Microsoft's Word and Publisher tools are applications, which are sometimes used for similar tasks, including typing and editing text and placing, cropping, resizing and rotating images. Does this mean we have two MS Office tools serving the same purpose? No it doesn't, Word and Publisher were designed to provide solutions for specific types of documents and content. Therefore, you need to select which application is more relevant for your specific desktop publishing (DTP) requirements.
Let's say you want to use different page numbers or number formats and styles in different parts of your document. You could use page numbers such as i, ii, iii… for the introduction and table of contents and 1, 2, 3… for everything after. The trick is to divide the document into sections and to make sure those sections aren’t linked. Then, set the page numbering for each of those sections by following these steps.

Microsoft’s own Publisher program is a step down from those applications in both power and price, but not every version of Office includes Publisher, and it costs $140 to purchase separately. However, chances are good that you already own a copy of Microsoft Word, and that software has a host of desktop publishing tools that you can use to produce pages that rival the output of the best layout artist.

We will create an imaginary logo, and we apply the Blue Style. Then, to create the background, double click on the Rectangle tool (Toolbox > Rectangle tool or F6), to create a rectangle the size of the page. We apply the Yellow Style, and we then create a gradient (we press the G-key to activate the Interactive Fill tool and drag the handles to adjust the gradient). Finally, we expand the size to cover the bleed area. As the card measures 90x50 mm, we will make the background of 96x56 mm, centered on the page (to center the background object, select and press P on the keyboard).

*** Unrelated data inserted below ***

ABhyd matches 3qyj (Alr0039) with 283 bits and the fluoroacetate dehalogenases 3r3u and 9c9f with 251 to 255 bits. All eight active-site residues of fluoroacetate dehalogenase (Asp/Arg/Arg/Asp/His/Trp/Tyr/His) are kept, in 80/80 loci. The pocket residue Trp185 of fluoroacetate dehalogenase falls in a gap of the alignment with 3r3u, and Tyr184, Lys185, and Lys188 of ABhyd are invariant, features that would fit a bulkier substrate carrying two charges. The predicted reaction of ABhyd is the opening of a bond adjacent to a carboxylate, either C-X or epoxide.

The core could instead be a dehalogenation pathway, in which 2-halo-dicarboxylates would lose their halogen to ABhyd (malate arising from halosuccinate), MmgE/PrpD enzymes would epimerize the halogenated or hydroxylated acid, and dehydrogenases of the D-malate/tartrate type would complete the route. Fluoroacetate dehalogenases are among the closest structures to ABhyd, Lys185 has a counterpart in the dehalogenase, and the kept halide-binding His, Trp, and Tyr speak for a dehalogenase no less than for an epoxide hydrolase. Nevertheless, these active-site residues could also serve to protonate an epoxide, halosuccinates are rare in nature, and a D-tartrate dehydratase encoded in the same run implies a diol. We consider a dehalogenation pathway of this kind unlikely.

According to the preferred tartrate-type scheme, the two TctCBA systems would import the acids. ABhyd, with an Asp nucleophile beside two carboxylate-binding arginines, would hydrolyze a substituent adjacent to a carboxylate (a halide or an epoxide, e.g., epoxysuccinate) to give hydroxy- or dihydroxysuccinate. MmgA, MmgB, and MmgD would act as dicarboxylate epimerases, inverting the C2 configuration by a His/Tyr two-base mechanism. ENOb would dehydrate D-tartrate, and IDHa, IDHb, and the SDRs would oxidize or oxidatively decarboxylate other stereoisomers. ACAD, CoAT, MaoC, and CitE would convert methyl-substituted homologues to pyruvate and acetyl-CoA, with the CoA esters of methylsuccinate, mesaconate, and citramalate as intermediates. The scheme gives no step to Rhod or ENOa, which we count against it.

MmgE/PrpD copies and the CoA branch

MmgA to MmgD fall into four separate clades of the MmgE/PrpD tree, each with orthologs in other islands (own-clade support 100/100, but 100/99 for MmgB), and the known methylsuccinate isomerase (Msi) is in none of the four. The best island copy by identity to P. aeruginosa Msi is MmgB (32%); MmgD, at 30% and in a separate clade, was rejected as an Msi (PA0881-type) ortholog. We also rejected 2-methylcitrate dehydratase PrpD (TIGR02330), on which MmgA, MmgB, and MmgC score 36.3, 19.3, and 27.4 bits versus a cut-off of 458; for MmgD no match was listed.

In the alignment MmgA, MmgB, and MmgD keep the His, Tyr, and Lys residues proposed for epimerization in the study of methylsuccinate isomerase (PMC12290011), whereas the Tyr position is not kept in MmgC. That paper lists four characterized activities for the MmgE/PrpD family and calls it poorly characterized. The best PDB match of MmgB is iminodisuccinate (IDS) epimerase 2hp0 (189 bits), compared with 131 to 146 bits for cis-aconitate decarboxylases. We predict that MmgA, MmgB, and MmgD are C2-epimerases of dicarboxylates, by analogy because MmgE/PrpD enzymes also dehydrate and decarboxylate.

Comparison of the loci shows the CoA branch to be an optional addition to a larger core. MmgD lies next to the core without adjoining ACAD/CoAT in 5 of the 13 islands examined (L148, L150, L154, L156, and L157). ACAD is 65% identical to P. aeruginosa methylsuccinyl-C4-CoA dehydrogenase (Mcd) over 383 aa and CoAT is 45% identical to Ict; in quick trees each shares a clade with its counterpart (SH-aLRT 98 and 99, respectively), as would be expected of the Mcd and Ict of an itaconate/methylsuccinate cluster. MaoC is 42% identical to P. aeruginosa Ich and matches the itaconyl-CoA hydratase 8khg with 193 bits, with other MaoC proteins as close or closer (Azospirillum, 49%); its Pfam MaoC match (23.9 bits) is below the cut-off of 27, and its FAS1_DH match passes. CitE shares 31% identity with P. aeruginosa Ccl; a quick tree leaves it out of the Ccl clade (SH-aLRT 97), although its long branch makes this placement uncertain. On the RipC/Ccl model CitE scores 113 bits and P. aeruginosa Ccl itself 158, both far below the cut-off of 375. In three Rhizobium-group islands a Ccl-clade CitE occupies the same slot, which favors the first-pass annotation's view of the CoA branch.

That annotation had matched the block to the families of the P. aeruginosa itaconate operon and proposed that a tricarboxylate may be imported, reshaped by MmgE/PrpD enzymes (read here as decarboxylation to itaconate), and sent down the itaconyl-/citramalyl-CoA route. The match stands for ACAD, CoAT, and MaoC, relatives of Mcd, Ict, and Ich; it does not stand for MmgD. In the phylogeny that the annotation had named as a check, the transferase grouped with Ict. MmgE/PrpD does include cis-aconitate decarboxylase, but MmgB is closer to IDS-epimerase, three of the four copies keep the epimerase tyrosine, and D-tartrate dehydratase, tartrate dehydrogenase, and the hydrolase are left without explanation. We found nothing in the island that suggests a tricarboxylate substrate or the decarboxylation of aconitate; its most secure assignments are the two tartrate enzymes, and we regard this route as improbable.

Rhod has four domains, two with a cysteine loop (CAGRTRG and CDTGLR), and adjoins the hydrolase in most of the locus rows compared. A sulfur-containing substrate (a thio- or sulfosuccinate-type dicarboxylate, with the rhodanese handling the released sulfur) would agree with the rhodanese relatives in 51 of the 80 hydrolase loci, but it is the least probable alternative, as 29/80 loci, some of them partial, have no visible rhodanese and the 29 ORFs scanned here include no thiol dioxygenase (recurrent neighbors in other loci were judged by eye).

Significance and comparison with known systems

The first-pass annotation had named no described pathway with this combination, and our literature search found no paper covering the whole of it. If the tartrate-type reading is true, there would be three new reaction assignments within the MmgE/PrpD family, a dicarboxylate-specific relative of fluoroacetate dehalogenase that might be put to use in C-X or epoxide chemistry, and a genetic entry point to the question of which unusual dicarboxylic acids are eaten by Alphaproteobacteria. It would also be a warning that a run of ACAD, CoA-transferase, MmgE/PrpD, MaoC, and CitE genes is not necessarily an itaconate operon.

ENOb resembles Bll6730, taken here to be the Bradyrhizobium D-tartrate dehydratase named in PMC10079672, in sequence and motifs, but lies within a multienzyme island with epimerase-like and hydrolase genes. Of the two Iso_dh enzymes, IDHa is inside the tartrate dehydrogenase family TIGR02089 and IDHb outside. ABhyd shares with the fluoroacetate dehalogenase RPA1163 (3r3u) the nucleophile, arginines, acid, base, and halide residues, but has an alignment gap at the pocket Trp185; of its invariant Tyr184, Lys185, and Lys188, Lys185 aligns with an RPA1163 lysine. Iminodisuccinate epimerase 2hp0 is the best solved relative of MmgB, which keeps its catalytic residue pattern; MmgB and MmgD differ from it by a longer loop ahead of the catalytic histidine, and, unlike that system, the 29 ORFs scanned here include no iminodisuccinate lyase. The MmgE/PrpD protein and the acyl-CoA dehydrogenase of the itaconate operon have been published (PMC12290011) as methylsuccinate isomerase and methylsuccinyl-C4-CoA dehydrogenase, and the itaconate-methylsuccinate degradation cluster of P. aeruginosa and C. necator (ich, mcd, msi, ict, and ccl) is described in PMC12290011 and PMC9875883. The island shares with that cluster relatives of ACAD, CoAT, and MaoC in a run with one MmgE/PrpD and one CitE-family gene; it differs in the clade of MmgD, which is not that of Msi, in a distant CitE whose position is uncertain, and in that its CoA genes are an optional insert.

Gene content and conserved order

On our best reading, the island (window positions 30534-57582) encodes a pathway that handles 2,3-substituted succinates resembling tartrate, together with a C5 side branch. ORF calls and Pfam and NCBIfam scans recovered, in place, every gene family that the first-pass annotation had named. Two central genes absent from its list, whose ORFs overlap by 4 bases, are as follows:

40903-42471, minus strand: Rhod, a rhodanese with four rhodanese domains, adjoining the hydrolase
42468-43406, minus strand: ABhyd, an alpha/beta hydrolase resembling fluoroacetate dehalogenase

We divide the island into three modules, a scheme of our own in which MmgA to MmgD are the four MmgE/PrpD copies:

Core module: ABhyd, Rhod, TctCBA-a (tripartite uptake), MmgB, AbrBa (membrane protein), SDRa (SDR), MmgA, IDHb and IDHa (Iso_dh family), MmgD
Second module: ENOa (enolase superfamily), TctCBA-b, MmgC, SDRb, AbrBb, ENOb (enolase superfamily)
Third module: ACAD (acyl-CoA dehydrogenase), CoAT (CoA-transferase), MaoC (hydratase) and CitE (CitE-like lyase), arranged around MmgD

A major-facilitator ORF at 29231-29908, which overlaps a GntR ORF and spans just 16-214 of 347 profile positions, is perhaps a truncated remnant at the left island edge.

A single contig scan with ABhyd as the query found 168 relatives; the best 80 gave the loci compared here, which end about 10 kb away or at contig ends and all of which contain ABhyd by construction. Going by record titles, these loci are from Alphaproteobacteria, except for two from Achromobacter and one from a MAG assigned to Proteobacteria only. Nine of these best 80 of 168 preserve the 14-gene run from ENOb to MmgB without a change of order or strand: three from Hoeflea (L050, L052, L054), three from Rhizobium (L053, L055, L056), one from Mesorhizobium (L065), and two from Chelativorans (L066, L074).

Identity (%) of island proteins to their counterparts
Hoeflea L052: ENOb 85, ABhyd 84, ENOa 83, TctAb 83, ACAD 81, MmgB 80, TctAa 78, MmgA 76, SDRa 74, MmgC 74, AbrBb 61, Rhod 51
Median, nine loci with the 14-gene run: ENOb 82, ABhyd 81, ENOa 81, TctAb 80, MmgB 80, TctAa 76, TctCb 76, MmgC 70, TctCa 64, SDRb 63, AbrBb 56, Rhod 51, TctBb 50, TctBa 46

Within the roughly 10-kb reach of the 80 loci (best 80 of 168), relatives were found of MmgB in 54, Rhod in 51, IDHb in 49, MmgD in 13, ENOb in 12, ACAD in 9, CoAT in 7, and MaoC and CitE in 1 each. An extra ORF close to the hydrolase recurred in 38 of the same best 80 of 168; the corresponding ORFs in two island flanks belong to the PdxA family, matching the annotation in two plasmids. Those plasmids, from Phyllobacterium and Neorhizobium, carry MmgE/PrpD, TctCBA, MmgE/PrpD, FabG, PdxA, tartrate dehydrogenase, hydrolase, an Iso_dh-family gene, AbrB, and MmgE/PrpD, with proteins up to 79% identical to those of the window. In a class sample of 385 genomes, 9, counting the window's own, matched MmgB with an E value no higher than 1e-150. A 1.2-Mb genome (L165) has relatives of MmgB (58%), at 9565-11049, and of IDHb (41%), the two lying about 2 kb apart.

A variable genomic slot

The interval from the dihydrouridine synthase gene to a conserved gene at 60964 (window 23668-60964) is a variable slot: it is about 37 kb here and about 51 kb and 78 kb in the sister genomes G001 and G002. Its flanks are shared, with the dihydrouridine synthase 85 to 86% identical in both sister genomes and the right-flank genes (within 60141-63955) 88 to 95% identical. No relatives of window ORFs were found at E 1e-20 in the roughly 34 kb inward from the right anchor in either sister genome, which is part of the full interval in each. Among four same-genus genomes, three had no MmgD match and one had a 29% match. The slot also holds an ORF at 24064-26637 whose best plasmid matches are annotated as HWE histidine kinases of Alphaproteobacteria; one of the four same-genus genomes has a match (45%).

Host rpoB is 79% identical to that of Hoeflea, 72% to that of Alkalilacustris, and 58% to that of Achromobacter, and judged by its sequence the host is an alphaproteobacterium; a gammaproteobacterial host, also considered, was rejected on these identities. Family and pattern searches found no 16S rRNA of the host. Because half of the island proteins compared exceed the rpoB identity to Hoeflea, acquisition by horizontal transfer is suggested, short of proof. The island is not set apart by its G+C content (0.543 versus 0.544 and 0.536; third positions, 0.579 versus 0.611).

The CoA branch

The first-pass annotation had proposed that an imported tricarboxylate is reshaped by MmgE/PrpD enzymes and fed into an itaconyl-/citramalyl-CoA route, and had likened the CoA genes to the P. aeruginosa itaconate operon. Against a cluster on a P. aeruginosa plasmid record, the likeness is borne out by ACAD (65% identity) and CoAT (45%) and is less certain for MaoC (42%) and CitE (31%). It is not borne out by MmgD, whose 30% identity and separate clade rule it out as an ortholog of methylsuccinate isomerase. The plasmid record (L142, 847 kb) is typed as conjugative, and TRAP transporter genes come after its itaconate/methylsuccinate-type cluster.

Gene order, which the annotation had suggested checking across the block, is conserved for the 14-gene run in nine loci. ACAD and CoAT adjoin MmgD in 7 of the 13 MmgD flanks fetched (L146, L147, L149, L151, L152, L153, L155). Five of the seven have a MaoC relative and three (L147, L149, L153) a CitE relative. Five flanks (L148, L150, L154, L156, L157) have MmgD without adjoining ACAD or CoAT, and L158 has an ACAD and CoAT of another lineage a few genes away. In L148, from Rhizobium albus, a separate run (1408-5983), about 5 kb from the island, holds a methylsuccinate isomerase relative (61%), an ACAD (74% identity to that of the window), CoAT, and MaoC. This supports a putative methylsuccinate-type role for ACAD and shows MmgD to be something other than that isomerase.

Cons: The biggest problem CorelDraw faces is that it is not advancing as quickly as its competitors. I still believe it is the best tool for the specific projects I had in the past, but if I had a project that involved solely vector illustration, or photo editing, I'm not sure if CorelDraw would be the best choice for it. It really shines in projects that would normally require a mix of PS, AI and ID. I hope that it continues to advance in the future so that it remains relevant for other types of projects as well.
I have read up on the InDesign figures and cross referencing and have been testing this out. I am using separate text boxes for each figure description with the jump frames command. When I delete a figure the numbers automatically update and I can update the cross references. However, when I add a figure the numbers go out of sequence and I can’t work out how to update them. Perhaps there is another setting I need to change? Is there a way of numbering text boxes sequentially? I was able to thread boxes to update the numbers but this could lead to problems down the line…Any advice on this would be greatly appreciated.

Pros: I love corel draw, working with it has been an amazing experience, it has truly set us apart in the fact that our presentations, documents and poster's quality has improved greatly, we always get compliments from our clients. There is a major difference when presenting for example a pie chart taken directly from excel that one vectorized with corel and our clients love it.
In 1987, Corel engineers Michel Bouillon and Pat Beirne undertook to develop a vector-based illustration program to bundle with their desktop publishing systems. That program, CorelDraw, was initially released in 1989. CorelDraw 1.x and 2.x ran under Windows 2.x and 3.0. CorelDraw 3.0 came into its own with Microsoft's release of Windows 3.1. The inclusion of TrueType in Windows 3.1 transformed CorelDraw into a serious illustration program capable of using system-installed outline fonts without requiring third-party software such as Adobe Type Manager; paired with a photo-editing program (Corel Photo-Paint), a font manager and several other pieces of software, it was also part of the first all-in-one graphics suite.